118. We have some sympathy with the applicants in that it is undisputed that “agreed” accommodation works were not carried out by the respondents. We think senior counsel for the applicants was correct to categorise this as part of a disturbance claim. However, in our opinion it is necessary for the applicants to establish either that the work requires to be carried out in order reasonably to mitigate loss, or that land has been devalued further by the absence of the works. There is no evidence which would allow us to quantify diminution in value. That leaves the question whether the works as quantified are still required reasonably to mitigate loss so that the need for the works can properly form part of a disturbance claim.
119. The applicants did not give evidence to the effect that they intended to do the works themselves as a practical necessity. We are unable to infer from the evidence that the works are reasonably required to mitigate losses. We do not know what those losses might be. Reference was made to problems by not having the same access to a previously existing private water supply, but we have no evidence of the scale of any increased costs or lost opportunities elsewhere which would justify the cost of new ducting work. Turning to the tracks, we do not agree that what would be “normal” agricultural fields (if they were to be restored as such) are in effect devalued because the tracks, which have some base material, are not tarmacked as they were previously. Those tarmac tracks were for the purpose of the previous nursery business, which we infer would have had relatively greater vehicular use, but which is no longer in prospect. The part of the site in question has potential only for agriculture and we heard no evidence that tarmac needed to be laid for this purpose. So we do not think there is a disturbance element capable of quantification.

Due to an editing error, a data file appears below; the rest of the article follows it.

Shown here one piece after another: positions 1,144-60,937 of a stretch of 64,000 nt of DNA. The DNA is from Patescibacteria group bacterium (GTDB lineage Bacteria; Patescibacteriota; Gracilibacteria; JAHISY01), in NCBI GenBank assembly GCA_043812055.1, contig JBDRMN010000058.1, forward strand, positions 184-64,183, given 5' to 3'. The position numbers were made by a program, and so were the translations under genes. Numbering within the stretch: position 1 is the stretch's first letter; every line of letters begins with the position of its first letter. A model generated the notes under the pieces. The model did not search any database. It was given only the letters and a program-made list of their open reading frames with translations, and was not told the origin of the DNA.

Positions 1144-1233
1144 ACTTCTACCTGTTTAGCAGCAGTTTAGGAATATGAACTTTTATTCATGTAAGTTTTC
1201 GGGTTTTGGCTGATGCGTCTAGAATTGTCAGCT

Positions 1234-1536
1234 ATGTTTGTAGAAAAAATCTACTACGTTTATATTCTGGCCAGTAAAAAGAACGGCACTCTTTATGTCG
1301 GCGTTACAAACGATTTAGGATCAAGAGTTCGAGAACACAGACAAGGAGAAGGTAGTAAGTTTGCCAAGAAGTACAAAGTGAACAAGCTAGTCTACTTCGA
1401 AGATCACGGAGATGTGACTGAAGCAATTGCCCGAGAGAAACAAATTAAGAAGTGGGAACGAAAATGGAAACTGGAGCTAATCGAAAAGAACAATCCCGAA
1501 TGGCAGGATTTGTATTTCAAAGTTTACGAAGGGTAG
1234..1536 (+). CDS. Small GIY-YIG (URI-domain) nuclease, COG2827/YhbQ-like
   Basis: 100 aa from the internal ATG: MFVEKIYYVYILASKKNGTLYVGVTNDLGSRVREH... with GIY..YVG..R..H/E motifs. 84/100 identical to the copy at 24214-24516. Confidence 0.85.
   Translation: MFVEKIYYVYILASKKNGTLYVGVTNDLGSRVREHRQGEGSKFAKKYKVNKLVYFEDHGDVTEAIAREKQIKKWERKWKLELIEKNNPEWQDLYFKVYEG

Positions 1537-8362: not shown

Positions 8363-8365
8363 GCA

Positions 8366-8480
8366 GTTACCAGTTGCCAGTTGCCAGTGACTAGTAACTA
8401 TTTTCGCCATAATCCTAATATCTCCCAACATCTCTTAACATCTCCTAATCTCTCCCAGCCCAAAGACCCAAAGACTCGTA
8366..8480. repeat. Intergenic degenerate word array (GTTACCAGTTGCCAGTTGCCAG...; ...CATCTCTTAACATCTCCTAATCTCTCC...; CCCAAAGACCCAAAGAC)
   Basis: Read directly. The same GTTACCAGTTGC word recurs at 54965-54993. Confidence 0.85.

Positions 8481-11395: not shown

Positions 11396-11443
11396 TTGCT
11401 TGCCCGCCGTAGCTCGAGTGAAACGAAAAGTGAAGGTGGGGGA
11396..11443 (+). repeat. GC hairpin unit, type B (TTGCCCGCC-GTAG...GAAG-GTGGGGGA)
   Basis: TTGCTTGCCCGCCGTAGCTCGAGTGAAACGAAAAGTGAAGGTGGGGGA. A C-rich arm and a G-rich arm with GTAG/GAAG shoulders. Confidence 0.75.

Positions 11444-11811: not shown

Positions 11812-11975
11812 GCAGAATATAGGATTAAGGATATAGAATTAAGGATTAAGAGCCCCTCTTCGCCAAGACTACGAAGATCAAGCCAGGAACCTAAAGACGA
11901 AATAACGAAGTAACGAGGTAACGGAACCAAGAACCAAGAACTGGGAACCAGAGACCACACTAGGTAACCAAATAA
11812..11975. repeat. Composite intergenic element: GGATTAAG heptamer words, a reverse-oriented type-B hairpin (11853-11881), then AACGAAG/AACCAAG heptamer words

120. We therefore find that for compensation purposes the value of the interest acquired in area D, and the injurious affection to areas L and I total the sum of £656 500. Our short Order finds accordingly. We propose to make no further order at this stage in the hope that parties can agree to the disposal of the other parts of the claim including interest. For avoidance of doubt this decision is a determination in terms of section 8 of the 1963 Act and the Tribunal rules.
121. We reserve all questions of expenses.
Certified a true copy of the statement of reasons for the decision of the Lands Tribunal for Scotland intimated to parties on 16 December 2015
Neil M Tainsh – Clerk to the Tribunal